The treatment of blood cancers has dramatically improved in the last five years, thanks to a new class of cancer immunotherapies called CAR-T cell therapy. This therapy—which involves engineering a patient’s own T cells in the lab to kill cancer cells and then infusing them back into the patient—cures about 40% of people with otherwise incurable lymphoma. But others relapse or don’t respond to the treatment at all.
To learn about the molecular mechanisms underlying such different responses, researchers at the Broad Institute of MIT and Harvard, Dana-Farber Cancer Institute, and Massachusetts General Hospital, studied blood samples of patients who received CAR-T therapy. They found molecular markers that indicate how a patient responded to the treatment, and also identified specific types of immune cells that likely contribute to relapse.
The authors say their study, which appears today in Nature Medicine and is part of a Broad and IBM collaboration investigating resistance to cancer treatment, could one day help doctors select the best treatment for their patients and help scientists optimize these therapies to improve response rates.
“Gaining understanding of the T cell phenotypes of CAR-T cells before and after infusion provides us with insight into the basis for why patients do or do not respond to this potentially life-saving therapy,” said Catherine Wu, co-senior author on the study and an institute member at Broad, professor of medicine at Harvard Medical School and Dana-Farber, and staff physician at Dana-Farber and Brigham and Women’s Hospital.
In their study, the researchers used single-cell RNA-sequencing to analyze gene expression of the patients’ immune cells, tumor cells, and the engineered T cells that were infused into the patients as part of the CAR-T treatment. They generated the largest set of gene expression data from CAR-T cell therapy patients to date, spanning 105 samples collected from 32 patients over the course of treatment. Nicholas Haradhvala, a computational biologist at Harvard University and Broad and co-first author of the study, says the scale of the project hinged on collaboration across institutions.
“By leveraging data from Mass General and Dana-Farber, alongside computational frameworks developed at Broad, we were able to make this study a lot larger,” Haradhvala said. “We thought this was a perfect chance to apply single-cell sequencing technologies to understand the actual mechanisms of treatment failure and success in patients.”
Haradhvala worked with study co-first authors Mark Leick (Mass General), Katie Maurer (Dana-Farber), and Satyen Gohil (Dana-Farber/Broad), as well as Gad Getz, a co-senior author, institute member at Broad and professor of pathology at Harvard Medical School, and physician-scientists Catherine Wu, expert in anti-tumor immunity, and Marcela Maus, expert in CAR-T cells. Maus is an associate member at the Broad, associate professor of medicine at Harvard Medical School, and director of cellular immunotherapy at Mass General.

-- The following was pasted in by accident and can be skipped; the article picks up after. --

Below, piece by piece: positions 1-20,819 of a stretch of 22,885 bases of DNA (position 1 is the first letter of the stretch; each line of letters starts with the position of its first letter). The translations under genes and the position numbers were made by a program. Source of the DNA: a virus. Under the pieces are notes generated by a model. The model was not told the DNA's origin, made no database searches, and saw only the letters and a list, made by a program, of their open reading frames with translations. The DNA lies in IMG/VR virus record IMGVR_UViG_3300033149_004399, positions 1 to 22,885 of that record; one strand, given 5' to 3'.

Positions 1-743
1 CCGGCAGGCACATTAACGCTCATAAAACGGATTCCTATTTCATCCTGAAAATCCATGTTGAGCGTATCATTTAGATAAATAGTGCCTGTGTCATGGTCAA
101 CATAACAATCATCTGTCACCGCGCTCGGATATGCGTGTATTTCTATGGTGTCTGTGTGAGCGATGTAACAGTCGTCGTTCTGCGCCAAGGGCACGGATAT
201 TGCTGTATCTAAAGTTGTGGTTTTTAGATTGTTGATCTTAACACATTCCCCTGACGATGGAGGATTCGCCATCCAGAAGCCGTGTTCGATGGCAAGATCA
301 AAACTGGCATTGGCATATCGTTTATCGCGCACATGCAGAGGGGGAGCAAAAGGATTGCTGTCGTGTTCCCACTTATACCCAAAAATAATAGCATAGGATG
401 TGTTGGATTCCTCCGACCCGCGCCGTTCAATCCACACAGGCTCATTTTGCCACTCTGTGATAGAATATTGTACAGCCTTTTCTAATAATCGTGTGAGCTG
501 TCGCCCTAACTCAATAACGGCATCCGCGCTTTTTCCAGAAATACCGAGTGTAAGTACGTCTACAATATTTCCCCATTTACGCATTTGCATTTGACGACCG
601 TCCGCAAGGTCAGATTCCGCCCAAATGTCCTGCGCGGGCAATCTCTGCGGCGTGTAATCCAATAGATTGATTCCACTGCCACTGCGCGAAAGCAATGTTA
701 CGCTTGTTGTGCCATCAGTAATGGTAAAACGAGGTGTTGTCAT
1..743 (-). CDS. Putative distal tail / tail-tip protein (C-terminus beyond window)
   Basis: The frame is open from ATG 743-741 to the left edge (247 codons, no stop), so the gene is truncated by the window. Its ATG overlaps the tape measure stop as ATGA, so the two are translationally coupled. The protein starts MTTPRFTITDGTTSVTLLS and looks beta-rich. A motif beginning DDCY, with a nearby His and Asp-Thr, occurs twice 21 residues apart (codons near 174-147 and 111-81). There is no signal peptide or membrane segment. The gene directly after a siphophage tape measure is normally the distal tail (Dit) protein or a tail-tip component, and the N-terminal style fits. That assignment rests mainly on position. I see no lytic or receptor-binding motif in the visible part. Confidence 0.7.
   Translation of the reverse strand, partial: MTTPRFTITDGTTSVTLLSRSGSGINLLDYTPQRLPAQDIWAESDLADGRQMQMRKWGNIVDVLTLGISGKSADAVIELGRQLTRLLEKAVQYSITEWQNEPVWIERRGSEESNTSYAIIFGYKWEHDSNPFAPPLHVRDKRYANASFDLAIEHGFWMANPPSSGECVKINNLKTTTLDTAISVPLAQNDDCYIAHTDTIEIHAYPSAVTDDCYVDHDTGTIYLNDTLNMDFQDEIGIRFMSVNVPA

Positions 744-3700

“This was a unique opportunity because we were able to get really deep into the expression profile of the T cells over time,” said Maus. “We wanted to learn which T cells are mediating the response and resistance, because this therapy is a living drug and changes over time. Also, knowing which kinds of the T cells are the most potent helps us design the next generation of T cell therapies.”
Tracking T cells
In CAR-T cell therapy, doctors first collect a sample of a patient’s T cells. In the lab, scientists genetically engineer those cells to produce specialized molecules, called chimeric antigen receptors (CAR), and then doctors infuse the cells back into the patient. The receptors on those cells bind key proteins on the surface of cancer cells, helping the patient’s immune system recognize and attack the tumor and preventing recurrence of cancer over time.
In the study, the researchers compared blood samples from patients who received different CAR-T cell therapies for large cell lymphoma, called “axi-cel” and “tisa-cel,” and the therapies themselves. These were the first CAR-T therapies approved by the FDA, in 2017 and 2018. They both target the CD19 protein on the surface of cancer cells, and have similar success rates in the clinic.
Using single-cell RNA-sequencing, the team studied how the CAR-T cells from the therapies changed over time, from before infusion to the patients’ blood to a week after treatment. They found that the cells had surprisingly different characteristics. Most CAR-T cells in patient blood after tisa-cel therapy originated from a particular variety of T cells that contribute to the immune system’s memory of specific antigens. These T cells were also more abundant in patients who responded well to the therapy compared to those who didn’t. The axi-cel treatment led to a greater mixture of T-cell types.
These signatures gave the team clues about which cells help drive relapse. In patients who did not respond to axi-cel, the therapies showed more of a rare subtype of T cell called regulatory T cells, which typically serve as the brakes of the immune system to prevent autoimmune disorders. When researchers led by Leick in Maus’s lab studied CAR-T regulatory cells (CAR-Tregs) in mice, they found that tumors reappeared if the cells made up just 5 percent of the total CAR-T cells infused back into the animals, for both therapies. This suggests that these CAR-Tregs may turn off the activity of cancer-fighting T cells as well.
Haradhvala says that manufacturers could potentially remove CAR-Tregs from the engineered cells to lower the chance of relapse.
Next, the team will work to find markers that might indicate which patients experience side effects such as neurological symptoms, or cytokine release syndrome, an overreaction of the immune system to immunotherapies.
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